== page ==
Power consumption with Fedora
lists at colorremedies.com
Tue Dec 2 20:05:36 UTC 2014
On Mon, Dec 1, 2014 at 6:17 PM, Stephen John Smoogen <smooge at gmail.com> wrote:
> 1) A problem is identified.
> 2) Profile the problem and show where it might be happening.
> 3) Some amount on fixing the problem is done.
> 4) Find that the problem isn't there and there is no quick fix.
> 5) Throw away that solution and implement another one.
> 6) Deal with flame wars about any and all changes during this from people
> the problem doesn't occur to.
> Projects which use words like "we" before 3 or 4 usually never get to 3 or 4
> due to the amount of "why is your problem now my work?" response from
> everyone from developers to random people on the lists.
> Currently you are at 1, and you have tried to jump to 3 with the Arch
> solution. You need to profile the Arch solution to see if it really works or
> if it only works if you run an X11/twm and nothing fancier than Mosaic from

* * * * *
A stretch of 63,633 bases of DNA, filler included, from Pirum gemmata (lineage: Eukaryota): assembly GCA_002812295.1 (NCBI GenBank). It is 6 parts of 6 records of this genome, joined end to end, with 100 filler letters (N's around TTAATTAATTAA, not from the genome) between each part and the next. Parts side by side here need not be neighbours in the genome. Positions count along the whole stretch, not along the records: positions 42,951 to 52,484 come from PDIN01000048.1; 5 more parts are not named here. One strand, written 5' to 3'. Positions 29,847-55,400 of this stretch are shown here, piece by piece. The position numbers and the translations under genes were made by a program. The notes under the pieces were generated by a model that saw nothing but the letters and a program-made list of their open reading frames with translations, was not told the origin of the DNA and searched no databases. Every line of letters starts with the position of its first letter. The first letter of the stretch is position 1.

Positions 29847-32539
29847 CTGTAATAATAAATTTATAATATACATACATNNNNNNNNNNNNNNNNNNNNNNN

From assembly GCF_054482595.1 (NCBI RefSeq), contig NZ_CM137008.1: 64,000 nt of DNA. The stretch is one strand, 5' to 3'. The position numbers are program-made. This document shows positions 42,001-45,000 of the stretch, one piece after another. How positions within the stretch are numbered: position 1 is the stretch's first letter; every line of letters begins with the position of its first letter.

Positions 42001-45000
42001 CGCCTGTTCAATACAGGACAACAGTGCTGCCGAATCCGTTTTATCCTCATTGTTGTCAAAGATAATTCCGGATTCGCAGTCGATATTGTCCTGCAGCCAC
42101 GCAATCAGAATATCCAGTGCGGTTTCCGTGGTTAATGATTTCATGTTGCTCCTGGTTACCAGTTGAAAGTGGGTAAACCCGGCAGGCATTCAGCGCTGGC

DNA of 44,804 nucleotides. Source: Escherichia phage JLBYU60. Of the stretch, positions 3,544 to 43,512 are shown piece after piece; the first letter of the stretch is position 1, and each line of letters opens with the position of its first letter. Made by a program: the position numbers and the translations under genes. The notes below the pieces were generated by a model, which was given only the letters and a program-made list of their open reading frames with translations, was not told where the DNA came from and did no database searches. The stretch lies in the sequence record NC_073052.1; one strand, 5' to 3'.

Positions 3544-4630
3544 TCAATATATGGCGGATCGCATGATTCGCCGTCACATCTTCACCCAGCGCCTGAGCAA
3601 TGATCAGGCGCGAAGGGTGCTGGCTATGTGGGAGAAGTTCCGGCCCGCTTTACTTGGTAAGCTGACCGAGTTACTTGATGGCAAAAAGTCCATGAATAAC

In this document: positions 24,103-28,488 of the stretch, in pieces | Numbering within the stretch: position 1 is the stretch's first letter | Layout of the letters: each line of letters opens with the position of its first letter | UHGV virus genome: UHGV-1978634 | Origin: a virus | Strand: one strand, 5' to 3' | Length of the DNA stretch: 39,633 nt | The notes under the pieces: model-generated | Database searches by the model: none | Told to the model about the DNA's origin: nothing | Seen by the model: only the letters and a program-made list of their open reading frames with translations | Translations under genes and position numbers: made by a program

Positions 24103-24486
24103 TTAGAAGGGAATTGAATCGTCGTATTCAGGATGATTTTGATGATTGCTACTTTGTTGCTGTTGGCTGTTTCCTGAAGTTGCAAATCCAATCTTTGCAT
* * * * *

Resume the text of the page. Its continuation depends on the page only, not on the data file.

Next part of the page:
> 1997. [Or without X11 at all.. that is the usual way to get a large power
> improvement on a laptop.]
Question: Shouldn't the evaluation and fix be targeted at Rawhide
first, and then see about "backporting" demonstrated fixes to Fedora
21? For all we know now, these could be significant new features. Or
alternatively a lot of work may have to be repeated if it turns out
the problems don't occur, or the solutions are radically different, if
Wayland is being used instead of X11.
Further, the sample size is two models. Identifying a common source
problem probably means looking at more hardware.
More information about the devel